By Whitney Heins. Photography by Jennie Andrews.
Sahba Seddighi didn’t know a word of English when she left Iran for the United States. But the precocious fourth-grader quickly learned the language and became fascinated with the potential of the human brain.
Now a junior in UT’s College Scholars Program, she is focusing on neuroplasticity—how the brain changes as a result of experience.
Working with Matthew Cooper, associate professor of psychology, Seddighi is putting stress, or specifically what causes it, under the microscope.
“We all respond to stress in different ways. Some get headaches. Some get heart disease. But the underlying mechanisms for the basis of this variation is not fully understood,” Seddighi said.
To help unlock the mystery, Seddighi is using an unusual tool—a community of 100 Syrian hamsters.
Her investigation centers on restricting the playtime of young hamsters to see if a part of their brains called the ventromedial prefrontal cortex (vmPFC) develops differently than more playful subjects. Such a difference could make them more vulnerable to stress later in life, becoming evident through submissive and defensive behavior.
At first, the young hamsters were divided into two groups. One group lived only with their mothers, while the other lived with peers and learned to socialize. Eventually, all hamsters were moved to cages with their peers.
In a rodent version of a reality TV show, the hamsters were then exposed to stressful social situations in which a smaller hamster was put in a cage with a larger aggressive one. Seddighi recorded their activity and counted the frequency and duration of submissive, defensive, aggressive, social, and nonsocial behaviors.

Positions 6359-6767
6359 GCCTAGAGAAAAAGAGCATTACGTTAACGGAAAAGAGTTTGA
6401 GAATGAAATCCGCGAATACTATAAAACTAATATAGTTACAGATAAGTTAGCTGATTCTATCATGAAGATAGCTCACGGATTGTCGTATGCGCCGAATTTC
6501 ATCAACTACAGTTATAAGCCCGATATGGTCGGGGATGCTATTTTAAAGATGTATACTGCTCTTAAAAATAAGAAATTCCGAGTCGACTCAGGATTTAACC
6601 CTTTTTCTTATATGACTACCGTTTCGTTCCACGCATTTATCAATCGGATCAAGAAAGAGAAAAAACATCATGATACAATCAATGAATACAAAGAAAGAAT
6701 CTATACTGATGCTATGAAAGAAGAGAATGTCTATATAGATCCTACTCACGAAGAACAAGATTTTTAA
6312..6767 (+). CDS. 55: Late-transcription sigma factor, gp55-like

“The hamsters literally fight each other,” Seddighi said. “This social and physical interaction is the basis of psychosocial defeat where a Syrian hamster, known for aggression, loses its aggressive tendency and becomes more vulnerable to stress.”
In the second phase of the study, Seddighi will look at neurons in the hamsters’ brains under a microscope. She will use tracing software to quantify the structure of the neurons, looking at length and junctions—clues to the function and communicative capacity of the nerve cells.
“We expect that mother-housed animals will show altered neural activity in the vmPFC compared to peer-housed animals because of lack of play, making them more vulnerable to stress,” Seddighi said.
If Seddighi’s research supports a link between the vmPFC and stress, better treatment options for stress-related mental illnesses may follow.
“If our hypothesis is proven true, it could lead to novel treatments like using play therapy or drugs that target the underlying biological mechanisms to reduce stress,” she added.
Seddighi has already conducted neuroscience research at the National Institutes of Health and Stanford University. Upon graduation, she plans to enter a doctoral program to explore neurological diseases, with a focus on neuroplasticity as a therapeutic tool.
“We don’t know what causes so many of these often intractable neurological disorders like Alzheimer’s disease and multiple sclerosis,” she said. “I think there is a lot of potential for discoveries that will make a difference.”
While diligently working to uncover the brain’s hidden secrets, Seddighi has developed a profound thirst for research. “To me, it’s the international language of science, a way for the passionately curious to make sense of the world.” Just another language she continues to master on her journey for knowledge.